deployment of ocean monitoring buoys aimed at improving the speed and accuracy
of tsunami warnings.
During FY 1997 the Polar Convergence program was rebaselined to delay
the need date for the first converged satellite, make better use of existing
and planned assets, and yield substantial additional savings in program
outlays. The program was approved for Acquisition Milestone 1 and contracts
for the development of five of the critical sensors for NPOESS were awarded.
Operational science algorithm teams from both government and academia were
established to review industry algorithm approaches, thus providing a quality
assurance process. Plans are on track to combine the command, control and
communications responsibilities for the Defense Meteorological Satellite
program (DMSP) with POES under NOAA operation at Suitland, Maryland in September
1998. In addition, three new antennas, capable of supporting POES, DMSP,
and NPOESS are under contract for installation at Fairbanks, Alaska and
will be operational in June 1998.
Key FY 1999 Activities
- Implement recommendations resulting from the study conducted by John
J. Kelly, Brigadier General, USAF (Ret.), "An Assessment of the Fiscal
Requirements to Operate the Modernized National Weather Service during
Fiscal Years 1998 and 1999." The fiscal requirements are reflected
in the FY 1999 budget request.
- Continue deployment of the Advanced Weather Interactive Processing
- Continue the procurement, launching, and operation of polar orbiting
satellites and the follow-on series of geostationary weather satellites.
- Continue efforts to replace the current radiosonde network to allow
continuation of receipt of essential upper air data needed for numerical
weather prediction models and to meet Congressionally-mandated frequency
restrictions by 1999.
- Continue activities to prevent the erosion of the current Marine Observing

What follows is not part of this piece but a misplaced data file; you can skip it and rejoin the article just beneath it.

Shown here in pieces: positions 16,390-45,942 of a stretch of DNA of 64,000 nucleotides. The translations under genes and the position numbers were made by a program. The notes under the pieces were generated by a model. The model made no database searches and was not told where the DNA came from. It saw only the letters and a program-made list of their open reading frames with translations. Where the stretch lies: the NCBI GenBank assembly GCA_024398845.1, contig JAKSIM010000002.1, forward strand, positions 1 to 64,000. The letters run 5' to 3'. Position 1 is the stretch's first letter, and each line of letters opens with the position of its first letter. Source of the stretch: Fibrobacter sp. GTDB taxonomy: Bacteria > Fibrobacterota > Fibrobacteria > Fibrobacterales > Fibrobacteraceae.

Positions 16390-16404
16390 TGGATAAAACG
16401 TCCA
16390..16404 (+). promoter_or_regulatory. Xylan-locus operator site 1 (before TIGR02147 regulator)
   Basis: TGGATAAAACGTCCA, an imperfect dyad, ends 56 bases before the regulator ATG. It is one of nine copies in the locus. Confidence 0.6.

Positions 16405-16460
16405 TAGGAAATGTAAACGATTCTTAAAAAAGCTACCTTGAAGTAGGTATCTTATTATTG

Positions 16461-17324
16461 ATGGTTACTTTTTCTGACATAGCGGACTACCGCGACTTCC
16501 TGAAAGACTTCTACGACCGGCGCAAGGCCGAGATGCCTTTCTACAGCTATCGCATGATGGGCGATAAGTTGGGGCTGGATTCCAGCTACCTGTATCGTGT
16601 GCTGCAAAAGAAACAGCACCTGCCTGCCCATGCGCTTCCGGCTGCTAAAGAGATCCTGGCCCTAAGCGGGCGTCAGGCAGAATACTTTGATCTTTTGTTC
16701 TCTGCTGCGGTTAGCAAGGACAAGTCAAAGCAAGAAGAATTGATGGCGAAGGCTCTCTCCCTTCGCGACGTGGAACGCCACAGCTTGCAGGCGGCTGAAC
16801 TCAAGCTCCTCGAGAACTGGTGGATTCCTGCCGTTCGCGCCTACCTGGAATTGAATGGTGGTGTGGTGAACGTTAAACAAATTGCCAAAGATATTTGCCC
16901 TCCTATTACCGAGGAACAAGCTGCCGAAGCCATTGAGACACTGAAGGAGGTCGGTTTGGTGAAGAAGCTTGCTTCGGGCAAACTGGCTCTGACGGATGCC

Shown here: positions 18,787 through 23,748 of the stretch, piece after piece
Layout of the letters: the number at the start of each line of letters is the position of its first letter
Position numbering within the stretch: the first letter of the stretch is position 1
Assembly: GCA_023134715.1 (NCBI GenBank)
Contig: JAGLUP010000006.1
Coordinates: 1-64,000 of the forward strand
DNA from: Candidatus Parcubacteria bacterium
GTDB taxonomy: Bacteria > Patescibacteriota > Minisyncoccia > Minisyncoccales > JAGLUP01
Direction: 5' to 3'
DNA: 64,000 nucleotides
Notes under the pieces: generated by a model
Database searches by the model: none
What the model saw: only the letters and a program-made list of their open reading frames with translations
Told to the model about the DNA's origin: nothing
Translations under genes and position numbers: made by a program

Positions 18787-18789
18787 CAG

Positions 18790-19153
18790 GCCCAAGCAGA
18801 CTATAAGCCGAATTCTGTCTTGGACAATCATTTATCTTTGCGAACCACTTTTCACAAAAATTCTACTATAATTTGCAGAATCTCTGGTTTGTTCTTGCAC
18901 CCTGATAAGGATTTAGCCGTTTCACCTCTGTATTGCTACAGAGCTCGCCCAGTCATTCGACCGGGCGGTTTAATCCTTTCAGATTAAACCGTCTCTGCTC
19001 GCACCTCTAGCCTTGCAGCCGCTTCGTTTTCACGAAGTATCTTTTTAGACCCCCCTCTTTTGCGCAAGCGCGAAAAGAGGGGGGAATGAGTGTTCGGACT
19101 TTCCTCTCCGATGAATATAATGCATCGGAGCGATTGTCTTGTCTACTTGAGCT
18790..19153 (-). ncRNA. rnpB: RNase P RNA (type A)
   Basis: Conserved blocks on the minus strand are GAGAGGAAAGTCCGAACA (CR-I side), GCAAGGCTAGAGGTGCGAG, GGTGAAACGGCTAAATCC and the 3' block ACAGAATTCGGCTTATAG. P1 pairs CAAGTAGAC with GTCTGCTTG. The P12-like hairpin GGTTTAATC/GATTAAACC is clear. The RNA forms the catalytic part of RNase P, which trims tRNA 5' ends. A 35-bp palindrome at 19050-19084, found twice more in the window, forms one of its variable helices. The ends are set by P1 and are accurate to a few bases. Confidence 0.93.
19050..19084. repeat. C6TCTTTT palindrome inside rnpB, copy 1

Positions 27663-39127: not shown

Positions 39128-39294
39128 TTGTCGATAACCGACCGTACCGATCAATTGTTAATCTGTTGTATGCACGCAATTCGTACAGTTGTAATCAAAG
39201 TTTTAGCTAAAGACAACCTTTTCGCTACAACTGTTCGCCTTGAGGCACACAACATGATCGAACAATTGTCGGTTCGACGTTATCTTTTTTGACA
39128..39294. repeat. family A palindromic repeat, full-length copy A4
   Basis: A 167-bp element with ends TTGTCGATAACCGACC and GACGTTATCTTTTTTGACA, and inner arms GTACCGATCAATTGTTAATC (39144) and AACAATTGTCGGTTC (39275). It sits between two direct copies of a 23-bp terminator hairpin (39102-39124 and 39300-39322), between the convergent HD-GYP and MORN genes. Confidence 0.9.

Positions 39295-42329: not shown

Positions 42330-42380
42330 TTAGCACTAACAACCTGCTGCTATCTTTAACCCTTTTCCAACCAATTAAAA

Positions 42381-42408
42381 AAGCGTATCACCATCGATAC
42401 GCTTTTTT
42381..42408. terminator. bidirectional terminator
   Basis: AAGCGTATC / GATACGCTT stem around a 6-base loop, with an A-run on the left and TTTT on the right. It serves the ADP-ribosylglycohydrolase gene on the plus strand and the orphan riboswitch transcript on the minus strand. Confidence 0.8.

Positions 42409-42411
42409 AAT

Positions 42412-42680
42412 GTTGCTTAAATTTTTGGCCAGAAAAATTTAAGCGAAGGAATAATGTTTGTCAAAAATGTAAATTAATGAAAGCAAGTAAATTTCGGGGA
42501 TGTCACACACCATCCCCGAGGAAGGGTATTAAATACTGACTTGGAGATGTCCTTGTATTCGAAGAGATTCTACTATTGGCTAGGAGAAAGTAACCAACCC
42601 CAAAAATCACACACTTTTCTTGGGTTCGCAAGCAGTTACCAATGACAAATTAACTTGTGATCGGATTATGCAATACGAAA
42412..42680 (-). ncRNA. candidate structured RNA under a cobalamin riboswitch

- Initiate national implementation of the Advanced Hydrological Prediction
System (AHPS) in the Upper Midwest and Pacific Northwest.
- Begin the procurement of a massively parallel computer with High Performance
Computing and Communications (HPCC) capabilities that will enable NOAA
to routinely run mesoscale prediction models at 5km resolution, leading
to improved warnings and forecasts.
- Begin operations of Class VIII supercomputer for improved weather prediction
- Improve high resolution hurricane forecasting models by providing additional
flight hours and dropsondes associated with the new high altitude jet.
- Continue hazard research activities of the U.S. Weather Research Program.
- Support a 24-hour day, 7 day a week Space Weather Operations division
of the Space Environment Center.
- As a leader in the President's interagency Natural Disaster Reduction
Initiative (NDRI), NOAA will help increase the resiliency of the nation
to extreme natural events, such as hurricanes, floods, tornadoes, drought,
and winter storms. NDRI will improve coordination of disaster-related services
across 16 federal agencies and will dramatically improve the provision
of weather services, warning forecast dissemination, and information products
available to the public.
- The Polar Convergence program will continue the development of five
key sensors and algorithms to meet the requirements of both NOAA and Department
of Defense for acquiring and disseminating global and regional environmental